Issue #4 (Dec. 1975) finds the Joker falling in love with flower shop owner Dinah Lance, aka the Black Canary, the super-girlfriend of Green Arrow. The tale (by Elliott S! Maggin) is just okay, and the beautiful pencils of José Luis Garcia Lopez are tempered by the anemic inks of Vince Colletta, but I love the Chua (nee Chan) cover, awkward perspective and all.

Following THE JOKER’s cancellation, the character remained one of the key players in the Batman universe, his place as Batman’s arch-enemy cemented even before he crippled Batgirl and killed the second Robin, Jason Todd (since resurrected). As much as Batman, the Joker inspires creators to put their own stamp on the character, both dramatically and visually.

As for the Joker’s media adaptations, up to now, they’ve never come close to capturing the depth of his homicidal madness. Cesar Romero, obviously, was just a joke. The various animated versions of the Joker could only be so dark, although no doubt Bruce Timm would’ve loved to be able to have his animated Joker (voiced by Mark Hamill) live up to his comic book antecedent. As for Jack Nicholson… well, let’s just say the Joker’s not supposed to be likeable and leave it at that.

For that reason, I am very excited to see Heath Ledger’s portrayal of the Joker in THE DARK KNIGHT. While the purist in me branches just a wee bit at the white face and green hair being makeup, the idea of the chemical bath just doesn’t work in Chris Nolan’s realistic Gotham City (I doubt we’ll ever see Clayface or Killer Croc in this series). I’m far more interested in the character feeling right, and this may well be the first time the non-fanboy audience sees the Joker the way he was meant to be. That is, terrifying.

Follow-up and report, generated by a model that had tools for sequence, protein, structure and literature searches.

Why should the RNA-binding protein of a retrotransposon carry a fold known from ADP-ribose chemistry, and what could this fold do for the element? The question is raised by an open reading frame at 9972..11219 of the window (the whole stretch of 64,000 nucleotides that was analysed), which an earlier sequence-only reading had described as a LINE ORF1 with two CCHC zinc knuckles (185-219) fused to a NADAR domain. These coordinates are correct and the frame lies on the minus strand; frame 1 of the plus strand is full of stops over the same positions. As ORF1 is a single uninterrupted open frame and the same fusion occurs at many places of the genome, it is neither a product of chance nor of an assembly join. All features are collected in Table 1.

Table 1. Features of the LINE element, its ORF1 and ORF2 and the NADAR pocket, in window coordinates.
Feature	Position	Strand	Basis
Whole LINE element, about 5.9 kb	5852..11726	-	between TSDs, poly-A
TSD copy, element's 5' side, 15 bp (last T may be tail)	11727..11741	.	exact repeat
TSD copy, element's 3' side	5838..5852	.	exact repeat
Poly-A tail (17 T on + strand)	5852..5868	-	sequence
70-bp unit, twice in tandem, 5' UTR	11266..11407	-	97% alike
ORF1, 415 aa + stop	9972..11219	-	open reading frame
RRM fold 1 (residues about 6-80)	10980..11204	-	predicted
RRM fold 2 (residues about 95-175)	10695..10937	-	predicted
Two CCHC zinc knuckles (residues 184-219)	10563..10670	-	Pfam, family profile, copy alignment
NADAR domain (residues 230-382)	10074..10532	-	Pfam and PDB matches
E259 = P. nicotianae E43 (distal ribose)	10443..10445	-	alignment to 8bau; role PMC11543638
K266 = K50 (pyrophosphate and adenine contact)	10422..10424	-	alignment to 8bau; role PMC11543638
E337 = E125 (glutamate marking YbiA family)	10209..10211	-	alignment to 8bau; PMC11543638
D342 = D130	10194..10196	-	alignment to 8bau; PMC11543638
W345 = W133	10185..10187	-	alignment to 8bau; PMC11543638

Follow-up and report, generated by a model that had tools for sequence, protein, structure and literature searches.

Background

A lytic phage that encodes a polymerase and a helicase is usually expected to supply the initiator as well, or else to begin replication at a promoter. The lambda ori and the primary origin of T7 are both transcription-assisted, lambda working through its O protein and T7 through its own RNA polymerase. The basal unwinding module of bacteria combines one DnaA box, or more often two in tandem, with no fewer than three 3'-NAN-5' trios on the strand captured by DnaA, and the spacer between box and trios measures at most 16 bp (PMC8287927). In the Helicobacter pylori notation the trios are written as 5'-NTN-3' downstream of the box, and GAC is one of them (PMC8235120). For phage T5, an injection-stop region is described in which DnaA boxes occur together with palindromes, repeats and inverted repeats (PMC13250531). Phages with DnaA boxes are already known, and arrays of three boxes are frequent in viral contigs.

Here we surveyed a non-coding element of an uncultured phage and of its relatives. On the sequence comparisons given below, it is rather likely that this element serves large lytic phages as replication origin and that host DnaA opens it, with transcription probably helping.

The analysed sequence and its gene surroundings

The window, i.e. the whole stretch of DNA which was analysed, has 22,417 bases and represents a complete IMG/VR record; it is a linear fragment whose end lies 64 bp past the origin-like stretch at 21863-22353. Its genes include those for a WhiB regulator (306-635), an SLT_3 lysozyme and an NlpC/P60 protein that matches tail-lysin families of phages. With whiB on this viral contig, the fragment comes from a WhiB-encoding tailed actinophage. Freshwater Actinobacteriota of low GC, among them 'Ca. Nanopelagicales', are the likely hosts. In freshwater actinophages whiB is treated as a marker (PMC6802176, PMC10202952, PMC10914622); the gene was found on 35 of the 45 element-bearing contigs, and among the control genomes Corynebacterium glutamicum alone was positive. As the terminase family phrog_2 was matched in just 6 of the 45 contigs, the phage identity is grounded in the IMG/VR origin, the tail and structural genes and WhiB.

My breath is bat-bated. I can’t wait.

Tuesday, July 08, 2008

Bronze Beauties #26: Batman Family


In 1974, a Super-Consolidation took place at DC Comics, as the publisher combined a number of cancelled titles featuring Superman’s supporting cast (being LOIS LANE, JIMMY OLSEN and SUPERGIRL) into a new series called THE SUPERMAN FAMILY. The following year, Tarzan and Batman each got their own FAMILY titles (along with the awkwardly titled SUPER-TEAM FAMILY, implying that the Challengers of the Unknown did some breeding with the Teen Titans or something).

BATMAN FAMILY contained a mix of new stories and reprints starring Batgirl, Robin (often teaming up), Alfred, Commissioner Gordon, Man-Bat, Batwoman and more of the Dark Knight’s supporting cast. In fact, Batman’s roster of friends and foes is widely regarded as the richest in comics (with Spider-Man being his only arguable competition).

Sadly, most of the stories in BATMAN FAMILY were kinda forgettable, as they were often done by some longtime DC workhorses who, shall we say, had a tendency to phone it in (the oft-vilified Vince Colletta’s inks graced these pages often). I used to own BATMAN FAMILY #11 (June 1977), but don’t remember it. Still, this cover (by Jim Aparo) is a hoot. I love the idea of superheroes fashioning formal wear in the style of their costumes, and it must have been a nice change of pace for Robin to wear long pants! Robin and Batgirl had some romance over the years, but you know what can happen when all a couple has in common is their work.